Follow these five simple steps to dial in your bow-shooting accuracy and tighten your groups right now.
Watching an accomplished archer shoot a bow well is like watching a pro golfer make a perfect chip shot. Both shots look nearly effortless when done right. And while it’s true that in any given bow shot there isn’t much effort required, to hit what you’re aiming at over and over requires a near-limitless amount of practice.
Even that’s not enough, however, because unless you have every aspect of your gear and your form dialed in, you’ll never shoot as accurately as you might. This has been fodder for plenty of books, which means shooting your bow accurately (and with repeatability) is no small topic when broken down to a granular level.
Fortunately, it isn’t hard for the average target archer or bowhunter to take their shooting to a new level of accuracy. Here are five ways to tighten your groups and wring the most enjoyment out of watching arrows head downrange.
Long before you ever consider becoming an Olympic-caliber shooter, you must have a bow that is set up for your physical specifications. This means that you need to know your draw length, and you need to pull a comfortable draw weight. If either of these variables isn’t dialed, you’ll never be as accurate as possible.
When it comes to draw length, a deviation of even half an inch will degrade your shooting form and reduce accuracy. You can measure this yourself, but a better bet is to visit your local pro shop and have a bow technician measure your draw length. Then ask them to watch you shoot a few practice arrows. If your draw length is too long or short, they’ll be able to remedy it. If your form is off, they’ll be able to offers some tips on how to hold properly throughout the draw cycle.
When it comes to draw weight, if you’re shooting a compound bow and can’t draw it without raising your bow arm and aiming at the clouds, you’re pulling too much weight. Back it down so that you can draw straight back to your face without any struggles. If you shoot traditional bows, the same rules apply when it comes to struggling. You should be able to move through your draw cycle with a recurve or a longbow in one smooth action.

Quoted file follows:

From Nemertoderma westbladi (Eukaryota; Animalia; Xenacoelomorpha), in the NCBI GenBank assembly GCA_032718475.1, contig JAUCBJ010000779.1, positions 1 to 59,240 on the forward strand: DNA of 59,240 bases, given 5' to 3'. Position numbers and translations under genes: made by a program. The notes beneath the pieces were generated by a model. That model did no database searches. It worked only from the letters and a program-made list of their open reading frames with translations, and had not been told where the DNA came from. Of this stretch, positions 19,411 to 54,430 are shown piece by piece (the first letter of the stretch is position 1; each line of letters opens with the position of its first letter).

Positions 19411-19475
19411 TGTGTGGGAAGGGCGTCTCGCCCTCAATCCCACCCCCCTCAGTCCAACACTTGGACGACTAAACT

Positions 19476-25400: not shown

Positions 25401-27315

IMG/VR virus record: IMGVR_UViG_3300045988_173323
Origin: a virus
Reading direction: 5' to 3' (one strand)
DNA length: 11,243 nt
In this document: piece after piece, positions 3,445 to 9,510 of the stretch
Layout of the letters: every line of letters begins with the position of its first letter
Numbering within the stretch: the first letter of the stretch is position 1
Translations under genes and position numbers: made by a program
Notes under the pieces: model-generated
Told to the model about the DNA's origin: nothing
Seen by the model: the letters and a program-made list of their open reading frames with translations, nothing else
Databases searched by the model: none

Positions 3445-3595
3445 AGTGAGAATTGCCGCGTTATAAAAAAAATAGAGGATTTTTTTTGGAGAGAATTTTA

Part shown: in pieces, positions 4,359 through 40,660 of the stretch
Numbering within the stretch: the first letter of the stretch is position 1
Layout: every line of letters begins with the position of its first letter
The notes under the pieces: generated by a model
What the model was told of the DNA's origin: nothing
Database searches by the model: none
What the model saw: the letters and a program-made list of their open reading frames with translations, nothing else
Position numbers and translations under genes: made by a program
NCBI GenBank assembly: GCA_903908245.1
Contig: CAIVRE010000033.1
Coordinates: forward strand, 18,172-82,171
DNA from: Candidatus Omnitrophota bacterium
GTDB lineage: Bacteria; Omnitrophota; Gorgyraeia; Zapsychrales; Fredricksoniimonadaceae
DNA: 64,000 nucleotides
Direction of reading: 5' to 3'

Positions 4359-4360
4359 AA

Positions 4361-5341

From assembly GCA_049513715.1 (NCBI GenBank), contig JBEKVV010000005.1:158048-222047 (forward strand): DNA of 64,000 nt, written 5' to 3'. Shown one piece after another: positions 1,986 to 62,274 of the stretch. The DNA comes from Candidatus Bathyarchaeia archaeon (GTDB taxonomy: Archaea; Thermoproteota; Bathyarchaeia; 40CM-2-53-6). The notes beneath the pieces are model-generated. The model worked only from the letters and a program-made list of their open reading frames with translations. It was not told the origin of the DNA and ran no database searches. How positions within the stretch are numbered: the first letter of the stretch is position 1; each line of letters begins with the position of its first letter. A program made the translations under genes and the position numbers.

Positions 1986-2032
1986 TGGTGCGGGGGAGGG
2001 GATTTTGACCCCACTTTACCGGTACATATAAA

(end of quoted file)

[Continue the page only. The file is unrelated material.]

If you’re not happy with your shooting or believe it could be better, address bow fit first.
Quick tip: When it comes to draw weight, if you’re shooting a compound bow and can’t get it drawn without raising your bow arm and aiming at the clouds, you’re pulling too much weight. Back it down so you can draw and anchor in one smooth motion.
Shooting accurately with archery tackle requires good form that is repeatable. This starts with establishing a solid anchor point. The more points of reference you can utilize when you’re at full draw, the better. Many shooters like to dig a specific knuckle in behind their jaw bone or tuck a knuckle into the corner of their mouth Most compound shooters also touch the string to the tip of their nose as a secondary reference point.
Your peep sight is another variable that needs to be addressed. If it’s tied in and set correctly, your peep should line up perfectly with your sight ring, or your individual sight pins, depending on your personal preference. Getting your peep tied in correctly, tucking a knuckle in behind your jawbone and keeping your nose on the string (if you’re a compound shooter) are three ways to build a consistent anchor. If that’s not enough, you can also add a kisser button to produce a fourth anchor point, which is a good idea if you engage in long-range or very precise shooting sessions.